This week, Project Syndicate catches up with Daoud Kuttab, an award-winning Palestinian journalist and Deputy Chair of the International Press Institute.
Project Syndicate: After US Secretary of State Mike Pompeo declared that Israeli settlements in the West Bank do not violate international law, you argued that the only way to avert a renewed Israeli settlement-building frenzy would be for the European Union to recognize Palestine as an independent, occupied state, and “engage with it accordingly.” What type of engagement is needed to ensure that this move – unlike, say, United Nations Security Council Resolution 2334, which in 2016 reaffirmed the settlements’ illegality – changes the situation on the ground?
Daoud Kuttab: Getting Israel to pay attention will require action, not more rhetoric. Recognizing Palestine as an independent state along the pre-1967 borders is the difference between the two.
The EU has long claimed to support a two-state solution along the pre-1967 borders. In 2014, the European Parliament voted overwhelmingly to recognize Palestinian statehood, something that some national parliaments (such as in France, Ireland, Luxemburg, and Sweden) have also done. But the EU motion was qualified, stating that the body supported “in principle” recognition of Palestinian statehood and the two-state solution, which “should go hand in hand with the development of peace talks.”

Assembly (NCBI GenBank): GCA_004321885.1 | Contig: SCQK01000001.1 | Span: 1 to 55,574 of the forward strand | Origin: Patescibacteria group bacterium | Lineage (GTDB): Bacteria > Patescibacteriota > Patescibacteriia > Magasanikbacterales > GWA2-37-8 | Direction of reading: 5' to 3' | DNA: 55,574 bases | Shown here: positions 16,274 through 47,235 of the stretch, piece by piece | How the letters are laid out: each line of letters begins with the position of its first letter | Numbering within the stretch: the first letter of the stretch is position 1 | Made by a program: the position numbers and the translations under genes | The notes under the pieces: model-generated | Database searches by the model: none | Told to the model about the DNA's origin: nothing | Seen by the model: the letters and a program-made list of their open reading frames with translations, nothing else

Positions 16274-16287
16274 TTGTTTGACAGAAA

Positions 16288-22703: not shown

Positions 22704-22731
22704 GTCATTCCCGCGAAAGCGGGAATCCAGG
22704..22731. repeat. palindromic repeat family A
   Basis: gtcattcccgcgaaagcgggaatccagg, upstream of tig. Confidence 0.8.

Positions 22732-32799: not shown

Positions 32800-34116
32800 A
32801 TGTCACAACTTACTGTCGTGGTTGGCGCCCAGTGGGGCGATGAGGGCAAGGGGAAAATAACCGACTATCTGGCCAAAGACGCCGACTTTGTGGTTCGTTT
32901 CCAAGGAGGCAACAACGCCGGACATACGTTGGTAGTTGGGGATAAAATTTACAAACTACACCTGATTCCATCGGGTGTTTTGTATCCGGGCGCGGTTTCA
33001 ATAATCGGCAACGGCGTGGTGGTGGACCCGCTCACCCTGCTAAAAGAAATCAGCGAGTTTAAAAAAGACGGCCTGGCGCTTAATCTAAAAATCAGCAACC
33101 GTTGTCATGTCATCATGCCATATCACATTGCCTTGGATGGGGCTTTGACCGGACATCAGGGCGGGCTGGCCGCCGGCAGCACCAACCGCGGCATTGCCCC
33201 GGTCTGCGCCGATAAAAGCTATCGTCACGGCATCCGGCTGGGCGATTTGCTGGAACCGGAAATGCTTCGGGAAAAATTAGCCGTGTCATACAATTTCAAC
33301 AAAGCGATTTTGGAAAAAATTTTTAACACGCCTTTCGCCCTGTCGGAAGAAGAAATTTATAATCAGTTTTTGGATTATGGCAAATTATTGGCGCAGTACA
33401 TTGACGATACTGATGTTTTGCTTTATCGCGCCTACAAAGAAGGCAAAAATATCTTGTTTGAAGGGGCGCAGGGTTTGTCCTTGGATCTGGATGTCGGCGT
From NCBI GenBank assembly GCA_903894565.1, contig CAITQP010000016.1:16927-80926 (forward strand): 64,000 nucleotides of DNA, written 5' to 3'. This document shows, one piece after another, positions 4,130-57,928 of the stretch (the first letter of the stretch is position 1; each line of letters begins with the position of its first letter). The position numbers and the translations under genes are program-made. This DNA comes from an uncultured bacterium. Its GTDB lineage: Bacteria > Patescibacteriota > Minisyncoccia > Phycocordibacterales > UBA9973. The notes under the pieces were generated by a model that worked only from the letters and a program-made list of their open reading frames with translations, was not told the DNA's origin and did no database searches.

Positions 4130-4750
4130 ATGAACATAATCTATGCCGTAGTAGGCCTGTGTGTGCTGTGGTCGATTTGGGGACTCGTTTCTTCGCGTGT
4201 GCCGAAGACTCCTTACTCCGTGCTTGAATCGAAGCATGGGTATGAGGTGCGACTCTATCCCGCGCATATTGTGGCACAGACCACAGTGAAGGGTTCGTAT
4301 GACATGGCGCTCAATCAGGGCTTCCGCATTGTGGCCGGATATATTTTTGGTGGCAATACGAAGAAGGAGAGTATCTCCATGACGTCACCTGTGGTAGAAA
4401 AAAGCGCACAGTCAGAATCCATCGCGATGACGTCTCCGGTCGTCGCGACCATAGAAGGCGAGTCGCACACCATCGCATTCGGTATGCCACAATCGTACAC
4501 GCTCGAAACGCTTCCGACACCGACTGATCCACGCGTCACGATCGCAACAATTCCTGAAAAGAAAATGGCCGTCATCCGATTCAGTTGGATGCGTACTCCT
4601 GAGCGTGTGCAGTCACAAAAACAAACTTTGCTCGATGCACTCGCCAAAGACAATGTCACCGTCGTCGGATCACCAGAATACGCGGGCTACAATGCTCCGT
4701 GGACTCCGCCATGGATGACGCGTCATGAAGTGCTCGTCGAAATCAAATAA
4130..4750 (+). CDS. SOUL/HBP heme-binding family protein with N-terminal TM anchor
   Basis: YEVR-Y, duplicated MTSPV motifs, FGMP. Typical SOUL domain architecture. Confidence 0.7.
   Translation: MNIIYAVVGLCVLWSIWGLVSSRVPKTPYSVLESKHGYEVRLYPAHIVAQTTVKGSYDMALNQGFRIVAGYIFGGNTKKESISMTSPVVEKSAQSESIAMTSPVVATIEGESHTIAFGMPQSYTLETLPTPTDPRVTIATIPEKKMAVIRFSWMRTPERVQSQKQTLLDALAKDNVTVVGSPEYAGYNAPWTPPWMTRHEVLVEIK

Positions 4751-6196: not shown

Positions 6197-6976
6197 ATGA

We ask all our Say More contributors to tell our readers about a few books that have impressed them recently. Here are Kuttab's picks:
by Ali Abunimah
This book, written by a Palestinian-American journalist, challenges the conventional wisdom that the only solution to the Israeli-Palestinian conflict is the formation of two separate states. While I advocate a two-state solution, I believe that Abunimah’s analysis is worth reading.
by Rana F. Sweis
This book offers a picture of life in Jordan by exploring the experiences of ordinary people, including a Syrian refugee, a jihadist, and a female parliamentarian.
by Yuval Noah Harari
With a multi-disciplinary approach, Harari traces the evolution of humanity – with a focus on key processes, from the advent of agriculture to the rise of the nation-state – in order to try to explain why we are the way we are.
From the PS Archive
Kuttab reacted to the US decision to recognize Jerusalem as the capital of Israel, in defiance of overwhelming global opposition. Read the commentary.
Just after Trump was elected, Kuttab poured cold water on hopes that America's new president would deal fairly with the Middle East. Read the commentary.
Around the web
Kuttab recently interviewed Swedish Foreign Minister Margot Wallstrom about the Palestinian refugee challenge, recognizing Palestine as an independent state, and more. Watch their discussion.
Nearly 15 years ago, Kuttab wrote a New York Times opinion article describing the evacuation of Israeli civilians from the Gaza Strip from a Palestinian perspective. Read the commentary.